Hedge Accounting for Forward FX Contracts

Derivatives are extremely volatile, which can cause adverse movements in fair-values and cash-flows to the detriment of reported earnings, and consequently the share price.

This post explains the undesirable impact on accounting when a Forward Foreign Exchange (Forward FX) contract is used to hedge exchange rate risks. It outlines the optional provision under IFRS 9 that allows an entity to mitigate these consequences through Hedge Accounting.

To apply Hedge Accounting under IFRS 9, an entity has to comply with documentation and adopt certain accounting treatment over the life-cycle of the hedge relationship.

Accounting for Forward FX Contracts

A Forward FX contract is considered a financial derivative. Under IFRS 9, a derivative must be initially measured at fair value and subsequent value changes are recognized. Unless you are applying hedge accounting then movements must be posted to the profit or loss account.

It is not uncommon to see period movements of a Forward FX contract to change dramatically, show graphically below:


The above fluctuation can distort reported profit and loss and true business performance for the period.

Accounting for A/R & A/P

When a forecast foreign currency exposure crystallizes and becomes an Accounts Receivable or Accounts Payable, it is recorded in the equivalent base currency amount using the prevailing “book” rate. At each period end, the accounting system will automatically revalue any unpaid CCY receivables or payables using the period’s current closing rate and restate the base carry amount.

This is referred to as monetary asset adjustment which is a standard practice to apply on all monetary items including A/R, A/P, loans and deposits. Monetary asset adjustments can significantly offset the gains and losses arising on any Forward FX contract revaluations.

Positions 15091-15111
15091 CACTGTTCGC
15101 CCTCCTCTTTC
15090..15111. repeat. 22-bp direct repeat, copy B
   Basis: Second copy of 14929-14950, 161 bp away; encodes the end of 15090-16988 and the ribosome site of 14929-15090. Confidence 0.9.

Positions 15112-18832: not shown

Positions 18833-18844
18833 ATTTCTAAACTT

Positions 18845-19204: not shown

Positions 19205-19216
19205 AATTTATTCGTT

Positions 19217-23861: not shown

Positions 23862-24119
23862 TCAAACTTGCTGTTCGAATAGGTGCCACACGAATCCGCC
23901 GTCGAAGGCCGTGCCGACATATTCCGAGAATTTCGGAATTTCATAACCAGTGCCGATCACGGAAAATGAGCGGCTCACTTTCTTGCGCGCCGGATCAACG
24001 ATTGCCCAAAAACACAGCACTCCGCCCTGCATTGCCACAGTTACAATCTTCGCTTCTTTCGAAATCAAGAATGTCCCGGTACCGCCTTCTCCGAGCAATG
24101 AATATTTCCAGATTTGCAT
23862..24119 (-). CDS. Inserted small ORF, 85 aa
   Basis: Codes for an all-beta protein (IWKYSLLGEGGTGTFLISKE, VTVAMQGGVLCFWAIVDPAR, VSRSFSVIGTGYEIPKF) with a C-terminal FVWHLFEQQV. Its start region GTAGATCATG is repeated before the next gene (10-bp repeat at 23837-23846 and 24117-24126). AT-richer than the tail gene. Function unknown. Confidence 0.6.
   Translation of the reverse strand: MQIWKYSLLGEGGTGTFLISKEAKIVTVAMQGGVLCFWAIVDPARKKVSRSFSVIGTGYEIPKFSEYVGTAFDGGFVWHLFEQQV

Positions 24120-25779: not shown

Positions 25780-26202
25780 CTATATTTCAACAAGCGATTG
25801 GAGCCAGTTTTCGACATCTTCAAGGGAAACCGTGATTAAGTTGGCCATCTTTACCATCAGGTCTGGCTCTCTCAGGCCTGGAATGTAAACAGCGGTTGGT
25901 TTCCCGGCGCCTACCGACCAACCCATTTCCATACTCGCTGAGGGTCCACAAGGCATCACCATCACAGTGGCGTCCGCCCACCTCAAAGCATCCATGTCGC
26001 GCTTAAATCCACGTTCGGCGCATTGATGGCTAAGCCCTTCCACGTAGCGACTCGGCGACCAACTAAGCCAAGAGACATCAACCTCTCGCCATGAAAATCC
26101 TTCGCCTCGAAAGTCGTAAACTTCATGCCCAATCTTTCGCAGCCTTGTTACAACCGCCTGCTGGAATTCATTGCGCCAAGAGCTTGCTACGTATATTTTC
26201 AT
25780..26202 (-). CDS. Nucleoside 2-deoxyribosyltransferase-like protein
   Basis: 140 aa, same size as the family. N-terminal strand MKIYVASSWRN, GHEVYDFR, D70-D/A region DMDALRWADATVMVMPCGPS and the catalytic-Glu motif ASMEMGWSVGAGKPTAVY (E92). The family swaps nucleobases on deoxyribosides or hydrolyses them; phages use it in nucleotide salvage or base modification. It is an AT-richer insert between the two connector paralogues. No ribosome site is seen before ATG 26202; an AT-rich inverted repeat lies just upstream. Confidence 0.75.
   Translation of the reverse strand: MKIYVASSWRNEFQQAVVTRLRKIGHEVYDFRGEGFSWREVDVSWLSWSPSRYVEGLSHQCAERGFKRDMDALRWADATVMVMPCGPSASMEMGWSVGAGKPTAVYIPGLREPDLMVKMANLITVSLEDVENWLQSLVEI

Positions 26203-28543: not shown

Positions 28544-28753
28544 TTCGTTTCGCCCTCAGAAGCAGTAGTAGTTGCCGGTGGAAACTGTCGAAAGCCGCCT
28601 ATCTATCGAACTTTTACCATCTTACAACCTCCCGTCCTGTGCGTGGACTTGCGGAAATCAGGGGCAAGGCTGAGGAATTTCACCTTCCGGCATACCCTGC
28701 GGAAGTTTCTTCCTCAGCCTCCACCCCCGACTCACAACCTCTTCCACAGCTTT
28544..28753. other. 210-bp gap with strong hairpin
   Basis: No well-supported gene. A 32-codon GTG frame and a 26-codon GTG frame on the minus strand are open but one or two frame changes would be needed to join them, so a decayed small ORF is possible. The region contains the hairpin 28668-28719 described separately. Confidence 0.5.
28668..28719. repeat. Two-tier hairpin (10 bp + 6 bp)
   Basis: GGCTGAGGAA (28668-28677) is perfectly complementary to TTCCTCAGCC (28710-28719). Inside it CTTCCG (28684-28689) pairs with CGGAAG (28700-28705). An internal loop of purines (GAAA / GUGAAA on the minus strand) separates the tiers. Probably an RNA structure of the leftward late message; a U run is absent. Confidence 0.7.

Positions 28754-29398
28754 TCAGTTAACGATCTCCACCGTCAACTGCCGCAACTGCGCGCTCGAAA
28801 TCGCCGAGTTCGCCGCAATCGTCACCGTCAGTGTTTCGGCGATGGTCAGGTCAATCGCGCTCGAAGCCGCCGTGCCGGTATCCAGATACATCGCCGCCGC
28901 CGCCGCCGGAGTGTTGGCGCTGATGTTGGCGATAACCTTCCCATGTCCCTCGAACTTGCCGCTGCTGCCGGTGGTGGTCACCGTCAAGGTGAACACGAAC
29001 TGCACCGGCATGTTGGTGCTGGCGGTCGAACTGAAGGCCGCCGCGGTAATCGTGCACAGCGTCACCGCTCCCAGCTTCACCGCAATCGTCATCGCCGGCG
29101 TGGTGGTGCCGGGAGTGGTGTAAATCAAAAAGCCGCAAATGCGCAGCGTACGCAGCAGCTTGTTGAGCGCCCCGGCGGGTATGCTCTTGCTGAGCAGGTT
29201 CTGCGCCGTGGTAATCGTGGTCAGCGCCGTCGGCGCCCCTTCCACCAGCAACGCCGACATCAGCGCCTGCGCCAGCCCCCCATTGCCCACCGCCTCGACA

However, unlike A/R & A/P, a forecast will not give rise to mirroring journals to offset those from the Forward FX contracts.

This asymmetric accounting treatment causes fluctuations in reported earnings – which is where applying hedge accounting can be beneficial.

Hedge Accounting Principles

The accounting standard-setting authority gives the entity the option to mitigate the accounting mismatch described above by adopting Hedge Accounting.

The primary goal of Hedge Accounting is to ensure that the effect of bona fide economic hedging is reflected in the accounts so that they present a true and fair view of the affairs of the company.

More specifically:

  • The company may defer the unrealized gain/loss on Forward FX contracts to the Hedge Reserve account on the balance sheet instead of impacting reported profit and loss.
  • The Hedge Reserve balance is then released systematically to the PnL Account in such a manner so that sales (A/R) or cost of sales (A/P) is correctly stated at the hedged rate instead of the system booked rate

Hedge Accounting Criteria

The following conditions must be satisfied to adopt Hedge Accounting:

  • Financial instruments used for hedging and hedge items must be eligible.
  • Formal documentation is required of the overriding risk management objective and methodology. At the inception of each pair of hedge and hedging item, the entity must formally record the hedging relationship.
  • Documentation should include effectiveness assessment that has to be performed on inception and at each reporting date.


“We are delighted with the work Kevin and the team at Rochford have done for The Institute in relation to our ongoing hedge accounting requirements. Rochford’s proactive approach and independence ensured we had accurate mark-to-market valuations and that our hedge accounting strategy was aligned to the commercial risk management objectives, resulting in minimised hedge ineffectiveness to profit or loss.”


If you are facing these challenges or would like to find out more, contact Rochford and begin your treasury improvement journey today >>